Skip to main content

Steven Kinsey, PhD

Associate Professor; Coordinator, Behavioral Neuroscience Training Program

Steven Kinsey

304-293-1685

Affiliations

Psychology; Blanchette Rockefeller Neurosciences Institute 

Graduate Training

Ph.D., Psychology: Behavioral Neuroscience, The Ohio State University

Fellowship

Institute for Behavioral Medicine Research, The Ohio State University;
Department of Pharmacology & Toxicology, Virginia Commonwealth University

Personal Site: http://community.wvu.edu/~sgkinsey/

I am currently accepting PhD students to start in the lab in Fall 2017! Information on how to apply can be found here. Please note that I train graduate students via the Department of Psychology's Behavioral Neuroscience PhD program (not the "Neuroscience" program on the Health Sciences campus).


Research Areas

  1. Endocannabinoid System
  2. What is a cannabinoid?
    Cannabinoids are compounds that are similar to those compounds found in Cannabis sativa (marijuana). Cannabinoids are categorized based on their origin:

    1. Phytocannabinoids are plant-based cannabinoids. Some examples are delta-9 tetrahydrocannabinol (THC), which is the primary psychoactive component of marijuana, cannabidiol, and cannabichromene.
    2. Synthetic cannabinoids are laboratory produced compounds that are known to bind to cannabinoid receptors. These synthetic cannabinoids have been in the news lately because they are being sold as "incense" to be smoked by people. Synthetic cannabinoids are not intended for human consumption and are dangerous to use because their effects are largely unknown. Many hospitalizations have been reported by people who smoke synthetic cannabinoids.
    3. Endocannabinoids are cannabinoids that are naturally produced in the body (that is, endogenously produced).

    The endocannabinoid system
    The endogenous cannabinoid (i.e., endocannabinoid) system consists of:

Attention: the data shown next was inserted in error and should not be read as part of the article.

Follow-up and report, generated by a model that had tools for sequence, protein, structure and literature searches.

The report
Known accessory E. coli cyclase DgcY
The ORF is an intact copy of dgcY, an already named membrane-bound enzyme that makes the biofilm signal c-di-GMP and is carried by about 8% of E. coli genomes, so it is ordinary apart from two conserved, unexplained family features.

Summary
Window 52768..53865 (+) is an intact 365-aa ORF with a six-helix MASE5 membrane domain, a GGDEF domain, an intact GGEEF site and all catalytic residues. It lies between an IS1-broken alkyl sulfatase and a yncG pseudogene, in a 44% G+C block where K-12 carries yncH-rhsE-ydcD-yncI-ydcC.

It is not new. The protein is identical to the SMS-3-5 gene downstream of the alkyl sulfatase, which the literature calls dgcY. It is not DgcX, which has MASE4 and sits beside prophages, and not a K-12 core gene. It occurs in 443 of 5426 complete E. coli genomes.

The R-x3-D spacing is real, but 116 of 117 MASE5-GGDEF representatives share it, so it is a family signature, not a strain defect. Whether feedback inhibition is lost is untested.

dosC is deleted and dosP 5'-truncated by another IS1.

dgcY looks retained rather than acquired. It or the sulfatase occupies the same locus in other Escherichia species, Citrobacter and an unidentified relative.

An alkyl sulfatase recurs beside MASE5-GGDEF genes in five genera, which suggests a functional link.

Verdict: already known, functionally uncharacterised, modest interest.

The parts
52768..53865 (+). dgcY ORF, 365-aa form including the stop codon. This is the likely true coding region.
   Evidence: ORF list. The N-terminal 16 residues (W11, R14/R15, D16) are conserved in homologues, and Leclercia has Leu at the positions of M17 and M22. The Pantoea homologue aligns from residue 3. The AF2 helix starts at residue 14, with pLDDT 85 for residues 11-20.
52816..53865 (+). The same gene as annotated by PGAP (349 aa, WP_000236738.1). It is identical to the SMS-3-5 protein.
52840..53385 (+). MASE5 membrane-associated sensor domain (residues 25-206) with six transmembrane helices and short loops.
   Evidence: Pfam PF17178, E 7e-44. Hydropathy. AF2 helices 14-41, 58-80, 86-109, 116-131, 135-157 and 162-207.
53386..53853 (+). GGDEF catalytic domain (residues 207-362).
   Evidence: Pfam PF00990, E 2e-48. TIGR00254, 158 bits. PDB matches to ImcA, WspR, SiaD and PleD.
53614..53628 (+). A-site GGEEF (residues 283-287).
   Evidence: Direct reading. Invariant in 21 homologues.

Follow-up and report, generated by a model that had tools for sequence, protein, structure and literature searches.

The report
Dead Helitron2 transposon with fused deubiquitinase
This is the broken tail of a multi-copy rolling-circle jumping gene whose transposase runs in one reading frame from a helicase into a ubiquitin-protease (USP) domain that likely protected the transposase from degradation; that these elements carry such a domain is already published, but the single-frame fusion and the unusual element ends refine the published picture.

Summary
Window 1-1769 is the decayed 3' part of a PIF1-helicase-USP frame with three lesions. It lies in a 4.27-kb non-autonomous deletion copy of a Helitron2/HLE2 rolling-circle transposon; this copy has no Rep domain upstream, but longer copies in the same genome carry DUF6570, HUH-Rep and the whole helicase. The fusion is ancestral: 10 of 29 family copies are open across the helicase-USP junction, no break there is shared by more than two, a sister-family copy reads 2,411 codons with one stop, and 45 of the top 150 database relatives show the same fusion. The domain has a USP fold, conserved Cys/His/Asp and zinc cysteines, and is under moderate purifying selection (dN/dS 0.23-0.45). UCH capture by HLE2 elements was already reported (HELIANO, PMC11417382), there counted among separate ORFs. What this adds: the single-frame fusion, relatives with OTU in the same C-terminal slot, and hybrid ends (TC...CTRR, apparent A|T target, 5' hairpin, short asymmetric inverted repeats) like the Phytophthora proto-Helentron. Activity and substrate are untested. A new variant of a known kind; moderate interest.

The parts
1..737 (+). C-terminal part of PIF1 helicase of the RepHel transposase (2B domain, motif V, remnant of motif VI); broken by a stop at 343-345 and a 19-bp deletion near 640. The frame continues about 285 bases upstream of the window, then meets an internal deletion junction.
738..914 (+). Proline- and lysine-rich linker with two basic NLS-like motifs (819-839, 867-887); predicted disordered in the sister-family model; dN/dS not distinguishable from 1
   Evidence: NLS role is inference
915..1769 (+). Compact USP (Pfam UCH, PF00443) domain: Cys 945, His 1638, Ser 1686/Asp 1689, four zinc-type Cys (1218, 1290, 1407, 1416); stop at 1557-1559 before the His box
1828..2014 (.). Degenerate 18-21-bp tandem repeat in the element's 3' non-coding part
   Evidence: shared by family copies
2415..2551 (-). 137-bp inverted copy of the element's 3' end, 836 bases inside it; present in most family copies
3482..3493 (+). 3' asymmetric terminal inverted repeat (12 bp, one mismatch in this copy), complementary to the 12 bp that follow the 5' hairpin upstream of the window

1. Two cloned cannabinoid receptors (CB1 and CB2)
    2. The endocannabinoids anandamide and 2-arachidonylglycerol (2-AG). In addition, there are some other compounds that have been shown to bind to CB1 and CB2 but may have limited effects in live animals.
    3. The enzymes that regulate the biosynthesis and catabolism of the endocannabinoids. For example, fatty acid amide hydrolase (FAAH) metabolizes anandamide into ethanolamine and arachydonic acid (AA), whereas monoacylglycerol lipase (MAGL) is the primary enzyme responsible for metabolizing 2-AG into glycerol and arachydonic acid.

    Effects of endocannabinoids
    Systemic administration of anandamide or 2-AG has limited efficacy in vivo, because these endocannabinoids are so rapidly degraded by FAAH or MAGL (along with ABHD6 and ABHD12), respectively.  However, pharmacological inhibiton of FAAH, for eample with the Pfizer compound PF-3845, increases tissuelevels of anandamide as well as some other fatty acid amides that FAAH hydrolizes.  Similarly, the inhibition of MAGL, for example with the compound JZL184, increases tissue levels of 2-AG. Alterations in endocannabinoid levels affect a broad range of physiological and behavioral systems. Our lab as well as others have demonstrated that PF-3845 and JZL184 produce a range of effects including analgesia and decreases in anxiety-like behaviors.

    For further reading, please see our recent minireview in Brain, Behavior and Immunity.

  3. Stress, Drug Dependence, and Emotion

    One line of federally funded research investigates how endocannabinoids affect emotionality, that is, stress, anxiety, and depression. Cannabis has been used for millennia to decrease stress, reduce anxiety and depression, and bring about feelings of euphoria. Endocannabinoids are released on demand in response to stress, and appear to have anxiety-reducing effects in animals. Thus, the overall goal of this line of research is to develop novel endocannabinoid-based treatments for disorders involving anxiety and depression.

    In addition, we are investigating how drug dependence represents a stressor, and how the endocannabinoid system affects the development of anxiety-like and depressive-like behaviors over the lifespan of the animal.

    We use an array of automated behavioral systems to investigate the effects of cannabinoids on anxiety-like and depressive-like behaviors in a range of rodent models.

  4. Inflammation and Analgesia

    My first line of funded research focuses on the anti-inflammatory role of endocannabinoids. Chronic pain is a problem for a large segment of our population, and pain resulting from nerve injury is particularly resistant to existing drug treatments, including opiates and non-steroidal anti-inflammatory drugs (NSAIDs), like aspirin and ibuprofen.

    The endocannabinoid system offers many promising targets for the development of alternative analgesics (i.e., pain reducing drugs). Published reports from our lab and others indicate that manipulation of the endocannabinoid system reduces systemic inflammation. We use models of inflammatory arthritis, as well as both inflammatory and neuropathic pain in animal models, with the goal of finding new treatments for these chronic conditions.